Definition: Former holder of a position/office.
Origin: Entered the English language in the 1530s. Originally from Latin, meaning ‘formerly’.
Why This Word?
The Catholic Church doesn’t like change. This can be evidenced by the surprising news concerning Pope Benedict’s resignation earlier in 2013: the idea of papal resignation taking only some 600 years to take (it is about 600 years since the last pope, Gregory XII, resigned). This, for people who care about this sort of thing, caused a problem: how should one refer to the former Pope? Rather than suffer the tyranny of the prefix ‘Ex’ or the too-English-sounding ‘erstwhile’, the Vatican decided to look into its Latin soul for an answer. They chose ‘Emeritus’ – i.e., that Benedict would now be referred to as ‘Pope Emeritus Benedict’.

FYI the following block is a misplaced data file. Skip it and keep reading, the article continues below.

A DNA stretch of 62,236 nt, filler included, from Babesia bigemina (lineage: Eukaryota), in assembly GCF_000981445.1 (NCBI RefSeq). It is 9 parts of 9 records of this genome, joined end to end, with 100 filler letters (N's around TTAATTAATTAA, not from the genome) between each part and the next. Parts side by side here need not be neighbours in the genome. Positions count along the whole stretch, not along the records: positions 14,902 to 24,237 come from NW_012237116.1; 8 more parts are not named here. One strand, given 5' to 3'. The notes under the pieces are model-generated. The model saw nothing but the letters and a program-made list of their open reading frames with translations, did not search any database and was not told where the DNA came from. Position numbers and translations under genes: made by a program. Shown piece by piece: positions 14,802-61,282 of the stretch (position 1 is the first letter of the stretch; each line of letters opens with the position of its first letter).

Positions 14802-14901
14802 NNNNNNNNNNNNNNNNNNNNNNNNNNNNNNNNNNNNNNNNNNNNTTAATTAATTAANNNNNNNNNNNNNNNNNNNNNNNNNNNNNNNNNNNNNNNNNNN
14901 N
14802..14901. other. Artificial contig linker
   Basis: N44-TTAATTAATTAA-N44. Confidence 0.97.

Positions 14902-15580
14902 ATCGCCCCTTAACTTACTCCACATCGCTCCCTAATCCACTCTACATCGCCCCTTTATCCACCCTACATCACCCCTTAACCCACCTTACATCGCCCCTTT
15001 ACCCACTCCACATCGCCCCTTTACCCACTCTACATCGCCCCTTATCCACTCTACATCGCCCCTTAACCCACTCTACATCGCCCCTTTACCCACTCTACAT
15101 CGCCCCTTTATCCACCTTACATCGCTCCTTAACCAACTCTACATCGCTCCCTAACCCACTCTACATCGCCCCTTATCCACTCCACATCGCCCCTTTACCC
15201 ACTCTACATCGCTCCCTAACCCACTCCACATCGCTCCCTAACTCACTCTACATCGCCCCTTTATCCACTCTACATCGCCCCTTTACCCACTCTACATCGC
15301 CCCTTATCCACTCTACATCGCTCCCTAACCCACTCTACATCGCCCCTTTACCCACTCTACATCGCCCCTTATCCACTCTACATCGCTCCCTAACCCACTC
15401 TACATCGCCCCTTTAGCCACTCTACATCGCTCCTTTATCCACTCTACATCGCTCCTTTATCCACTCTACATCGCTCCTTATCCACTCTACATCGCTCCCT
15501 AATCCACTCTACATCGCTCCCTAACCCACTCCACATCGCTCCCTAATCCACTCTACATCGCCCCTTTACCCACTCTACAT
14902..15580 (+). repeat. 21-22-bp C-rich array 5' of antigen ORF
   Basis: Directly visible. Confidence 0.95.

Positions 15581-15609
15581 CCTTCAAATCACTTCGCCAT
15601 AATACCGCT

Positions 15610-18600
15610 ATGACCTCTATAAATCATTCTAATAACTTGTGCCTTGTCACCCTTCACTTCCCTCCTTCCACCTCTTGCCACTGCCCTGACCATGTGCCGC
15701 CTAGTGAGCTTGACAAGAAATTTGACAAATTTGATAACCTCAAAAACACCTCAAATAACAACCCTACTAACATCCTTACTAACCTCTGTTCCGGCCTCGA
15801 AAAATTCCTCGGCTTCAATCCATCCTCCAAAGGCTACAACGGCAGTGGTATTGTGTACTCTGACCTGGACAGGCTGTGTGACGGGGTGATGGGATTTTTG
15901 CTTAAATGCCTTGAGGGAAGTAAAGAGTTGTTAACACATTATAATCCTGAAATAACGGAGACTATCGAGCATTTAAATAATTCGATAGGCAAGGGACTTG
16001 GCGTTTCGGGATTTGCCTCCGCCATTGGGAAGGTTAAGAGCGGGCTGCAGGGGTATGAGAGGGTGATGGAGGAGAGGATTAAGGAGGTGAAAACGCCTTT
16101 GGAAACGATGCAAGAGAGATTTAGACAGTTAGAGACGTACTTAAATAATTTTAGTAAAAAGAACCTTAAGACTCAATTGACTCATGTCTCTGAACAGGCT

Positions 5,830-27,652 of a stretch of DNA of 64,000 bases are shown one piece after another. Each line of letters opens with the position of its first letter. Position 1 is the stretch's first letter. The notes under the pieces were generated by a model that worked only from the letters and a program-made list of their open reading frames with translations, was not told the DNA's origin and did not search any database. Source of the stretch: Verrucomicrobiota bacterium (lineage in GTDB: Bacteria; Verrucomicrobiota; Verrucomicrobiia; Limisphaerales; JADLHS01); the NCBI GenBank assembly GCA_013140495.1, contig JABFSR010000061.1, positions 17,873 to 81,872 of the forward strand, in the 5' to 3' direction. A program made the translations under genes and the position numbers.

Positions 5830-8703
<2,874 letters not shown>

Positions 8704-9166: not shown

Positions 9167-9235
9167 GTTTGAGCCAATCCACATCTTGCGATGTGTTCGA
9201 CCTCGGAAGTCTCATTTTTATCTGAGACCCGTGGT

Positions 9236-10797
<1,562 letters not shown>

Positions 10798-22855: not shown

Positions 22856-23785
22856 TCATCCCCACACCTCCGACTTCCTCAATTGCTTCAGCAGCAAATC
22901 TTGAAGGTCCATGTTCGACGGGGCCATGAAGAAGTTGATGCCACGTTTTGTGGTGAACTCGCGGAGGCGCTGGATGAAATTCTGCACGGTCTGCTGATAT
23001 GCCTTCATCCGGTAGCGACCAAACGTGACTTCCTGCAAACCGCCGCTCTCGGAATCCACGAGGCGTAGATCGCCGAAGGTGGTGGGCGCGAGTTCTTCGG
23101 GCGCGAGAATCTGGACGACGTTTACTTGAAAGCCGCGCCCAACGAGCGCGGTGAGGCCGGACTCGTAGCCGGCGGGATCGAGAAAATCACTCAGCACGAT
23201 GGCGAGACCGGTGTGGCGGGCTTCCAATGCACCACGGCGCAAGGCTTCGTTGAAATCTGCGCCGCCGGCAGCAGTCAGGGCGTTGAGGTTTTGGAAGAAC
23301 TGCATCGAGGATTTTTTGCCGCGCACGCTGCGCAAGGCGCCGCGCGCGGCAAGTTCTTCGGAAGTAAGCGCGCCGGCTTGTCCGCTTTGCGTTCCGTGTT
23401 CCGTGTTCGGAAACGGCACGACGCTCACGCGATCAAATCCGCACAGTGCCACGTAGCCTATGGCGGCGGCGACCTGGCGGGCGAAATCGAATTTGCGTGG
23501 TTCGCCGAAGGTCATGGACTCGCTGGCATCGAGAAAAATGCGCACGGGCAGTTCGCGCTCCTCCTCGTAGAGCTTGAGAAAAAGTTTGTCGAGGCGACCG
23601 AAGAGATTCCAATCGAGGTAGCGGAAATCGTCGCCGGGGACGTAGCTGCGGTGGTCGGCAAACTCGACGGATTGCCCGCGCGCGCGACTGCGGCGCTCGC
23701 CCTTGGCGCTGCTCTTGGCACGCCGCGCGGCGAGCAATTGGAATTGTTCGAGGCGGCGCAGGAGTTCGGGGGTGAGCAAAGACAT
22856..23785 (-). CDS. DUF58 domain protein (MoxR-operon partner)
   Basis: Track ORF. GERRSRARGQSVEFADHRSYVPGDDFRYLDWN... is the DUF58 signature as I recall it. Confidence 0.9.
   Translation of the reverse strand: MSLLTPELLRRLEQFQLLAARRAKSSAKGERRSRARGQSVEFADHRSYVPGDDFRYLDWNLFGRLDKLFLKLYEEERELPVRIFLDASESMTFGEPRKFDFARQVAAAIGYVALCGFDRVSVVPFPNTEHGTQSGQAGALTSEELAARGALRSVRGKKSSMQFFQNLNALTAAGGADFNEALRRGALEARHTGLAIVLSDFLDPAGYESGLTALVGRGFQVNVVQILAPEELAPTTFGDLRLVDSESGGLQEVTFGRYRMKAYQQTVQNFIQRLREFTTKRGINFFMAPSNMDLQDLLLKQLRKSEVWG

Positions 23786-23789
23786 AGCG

But why ‘Emeritus’? After all, ‘Emeritus’ technically refers to a veteran soldier that has finished his/her duty. There was another potential candidate – one with a cleaner definition and equally strong Latin roots: Quondam. Not only does it mean ‘former’ – it is specifically used to refer to a former office holder.
The answer, I suspect, in why ‘Emeritus’ was chosen over Quondam is the fact that Quondam was an early spelling for what we now spell as ‘Condom’. Thus, Quondam is essentially also a quondam condom …
How to use the word quondam in a sentence?
If you are a Pope intent on resigning, avoid this word. You do not want to be remembered as the Pope who finally endorsed the use of the humble Quondam …